The worlds are well developed. Polyamory and female led relationships and strong belief in magic and a  coherent magic system can be found, and settings range from army camps to cities to frozen areas.
The writing is descriptive, even in the very gory areas. It felt like  a long book, but it didn't feel slow. i didn't want this book to end!
characters' storylines clearly overlap in places, but in others, it felt like we were just following someone without it feeding in to a main thing.  I didn't mind, because the small plots were well written and interesting, but I would like to see more convergence in any future novels.


Overall:  Strength 4 tea to a book I enjoyed for its characters' individual plots, despite them not all coming together.


Monday, 24 November 2014

Book Review: Purity by Jackson Pearce

Title: Purity
 Author: Jackson Pearce
Series:  N/A
Published:   6 March 2014 by Hodder
Length: 224 pages
Source: publisher
Summary : A novel about love, loss, and sex -- but not necessarily in that order.
Before her mother died, Shelby promised three things: to listen to her father, to love as much as possible, and to live without restraint. Those Promises become harder to keep when Shelby's father joins the planning committee for the Princess Ball, an annual dance that ends with a ceremonial vow to live pure lives -- in other words, no "bad behavior," no breaking the rules, and definitely no sex.
Torn between Promises One and Three, Shelby makes a decision -- to exploit a loophole and lose her virginity before taking the vow. But somewhere between failed hookup attempts and helping her dad plan the ball, Shelby starts to understand what her mother really meant, what her father really needs, and who really has the right to her purity

Review: Shelby promised her dying mother that she would listen to her father, love as much as posible, and live without restraint. She's done quite well in the five years since then, but when her father wants to arrange her part in a purity ball, in which she promises her purity to her father, which is essentially no drugs, drink or sex. Shelby doesn't want this. So she tries to find a loophole; if she has sex before then, she won't have purity to give. Thus begins a five week search for someone to lose her virginity to.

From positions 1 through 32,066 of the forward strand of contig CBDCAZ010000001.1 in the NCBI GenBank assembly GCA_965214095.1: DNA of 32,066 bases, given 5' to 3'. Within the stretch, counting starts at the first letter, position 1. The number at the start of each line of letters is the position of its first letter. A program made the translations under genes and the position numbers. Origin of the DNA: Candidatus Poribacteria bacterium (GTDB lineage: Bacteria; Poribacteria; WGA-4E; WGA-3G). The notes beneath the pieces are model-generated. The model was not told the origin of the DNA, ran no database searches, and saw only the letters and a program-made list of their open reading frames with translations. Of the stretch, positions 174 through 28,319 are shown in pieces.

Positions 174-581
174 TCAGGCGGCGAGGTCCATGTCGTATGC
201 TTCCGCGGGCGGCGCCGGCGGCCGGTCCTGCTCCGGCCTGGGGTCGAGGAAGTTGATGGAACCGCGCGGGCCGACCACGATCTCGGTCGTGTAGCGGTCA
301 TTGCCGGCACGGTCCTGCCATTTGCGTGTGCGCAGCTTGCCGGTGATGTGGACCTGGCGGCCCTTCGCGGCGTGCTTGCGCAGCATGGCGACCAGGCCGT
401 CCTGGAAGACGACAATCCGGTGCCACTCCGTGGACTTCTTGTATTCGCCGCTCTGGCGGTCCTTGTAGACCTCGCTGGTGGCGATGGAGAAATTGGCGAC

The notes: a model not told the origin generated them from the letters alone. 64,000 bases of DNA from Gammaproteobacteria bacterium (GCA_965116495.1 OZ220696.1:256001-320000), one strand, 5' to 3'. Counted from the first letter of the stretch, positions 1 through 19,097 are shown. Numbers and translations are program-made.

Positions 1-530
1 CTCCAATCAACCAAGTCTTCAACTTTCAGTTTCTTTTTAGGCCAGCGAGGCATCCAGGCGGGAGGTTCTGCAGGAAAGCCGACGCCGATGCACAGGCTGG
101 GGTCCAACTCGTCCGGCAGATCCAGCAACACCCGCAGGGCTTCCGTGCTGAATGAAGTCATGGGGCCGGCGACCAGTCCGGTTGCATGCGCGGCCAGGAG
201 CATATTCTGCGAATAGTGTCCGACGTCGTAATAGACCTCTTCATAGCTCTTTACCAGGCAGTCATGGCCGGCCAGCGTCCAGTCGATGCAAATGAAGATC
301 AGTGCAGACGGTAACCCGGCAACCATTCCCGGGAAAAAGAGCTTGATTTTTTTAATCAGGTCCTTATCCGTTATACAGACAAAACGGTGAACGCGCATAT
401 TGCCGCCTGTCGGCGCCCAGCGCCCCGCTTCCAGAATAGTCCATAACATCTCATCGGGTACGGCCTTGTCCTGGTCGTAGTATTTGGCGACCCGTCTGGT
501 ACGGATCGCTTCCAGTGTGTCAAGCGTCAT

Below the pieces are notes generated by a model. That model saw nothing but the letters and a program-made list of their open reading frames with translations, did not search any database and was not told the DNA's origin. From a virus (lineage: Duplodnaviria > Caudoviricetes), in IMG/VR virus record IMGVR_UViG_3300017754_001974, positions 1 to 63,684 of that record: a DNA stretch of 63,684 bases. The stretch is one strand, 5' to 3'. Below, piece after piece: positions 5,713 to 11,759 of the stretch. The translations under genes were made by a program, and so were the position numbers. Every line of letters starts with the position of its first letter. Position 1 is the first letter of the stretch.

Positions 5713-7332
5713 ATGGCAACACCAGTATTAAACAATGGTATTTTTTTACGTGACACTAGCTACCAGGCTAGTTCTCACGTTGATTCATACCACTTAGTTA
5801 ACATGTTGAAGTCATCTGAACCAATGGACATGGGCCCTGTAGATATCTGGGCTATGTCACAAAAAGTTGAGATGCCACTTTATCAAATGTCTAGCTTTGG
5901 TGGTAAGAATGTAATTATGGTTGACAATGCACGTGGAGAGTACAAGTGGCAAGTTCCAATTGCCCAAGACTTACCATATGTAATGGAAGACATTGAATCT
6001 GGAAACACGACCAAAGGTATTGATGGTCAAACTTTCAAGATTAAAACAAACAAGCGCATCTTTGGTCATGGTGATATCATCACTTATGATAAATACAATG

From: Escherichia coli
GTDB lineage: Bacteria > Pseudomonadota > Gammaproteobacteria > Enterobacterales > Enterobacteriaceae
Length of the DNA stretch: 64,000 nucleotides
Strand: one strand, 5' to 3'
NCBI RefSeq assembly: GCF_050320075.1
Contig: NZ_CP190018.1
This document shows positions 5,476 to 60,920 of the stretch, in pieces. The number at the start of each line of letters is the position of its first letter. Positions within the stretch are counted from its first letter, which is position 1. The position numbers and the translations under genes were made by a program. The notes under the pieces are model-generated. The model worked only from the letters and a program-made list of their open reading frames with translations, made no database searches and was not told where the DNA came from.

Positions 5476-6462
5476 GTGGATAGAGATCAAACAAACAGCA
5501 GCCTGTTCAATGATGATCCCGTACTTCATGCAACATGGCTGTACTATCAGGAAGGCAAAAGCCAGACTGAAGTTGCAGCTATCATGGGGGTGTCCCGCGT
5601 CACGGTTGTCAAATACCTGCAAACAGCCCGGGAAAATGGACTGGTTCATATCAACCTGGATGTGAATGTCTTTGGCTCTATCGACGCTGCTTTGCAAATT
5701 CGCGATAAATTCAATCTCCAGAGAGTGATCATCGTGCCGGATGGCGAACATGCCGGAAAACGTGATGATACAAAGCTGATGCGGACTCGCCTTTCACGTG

I wanted to read this obok because commentry on the value of virginity and women in society is an important one to me, and I quite liked Sisters Red, even though I knew from the presmise that this would be completely different. 
The characters are funny, not particularly bright, but the friendships are nice and supportive, even if the end “revalation” isn't that surprising or enjoyable. I liked watching the relationship between Shelby and her dad develop.I think Shelby could have developed more.
I like the fact there's humour throughout, without which Purity would be much less lighthearted, and either too sad or too serious.
I find it a bit weird that Shelby goes from not really caring about sex to wanting to do it without caring about who it is as long as they're not diseased. Sure, the possiblity of lack of sex for years is obviously going to make her try and find someone, (it would me if I were in that situation) but there are other ways she could have dealt iwht it, and other parts in the novel when she could have done something else.
I like the fact that faith is a theme. It's not there too much to make it into a preachy book, but it did add a bit of depth to Shelby.
Finally, I just want to ask; since when was “listen to” synonymous with “completely obey”?

Overall:  Strength 3 tea to a book that opens discussions for lots of things.


Friday, 24 October 2014

Book Review- Tanith Low in the Maleficent Seven by Derek Landy

Title: Tanith Low in The Maleficent Seven
 Author:  Derek Landy
Series:  Skullduggery Pleasant 7.5
Published:  8 May 2014 by Harper
Length: 283 pages
Source: publisher
Other info: Landy has also written a lot of Skullduggery Pleasant novels, the world of which this book is set.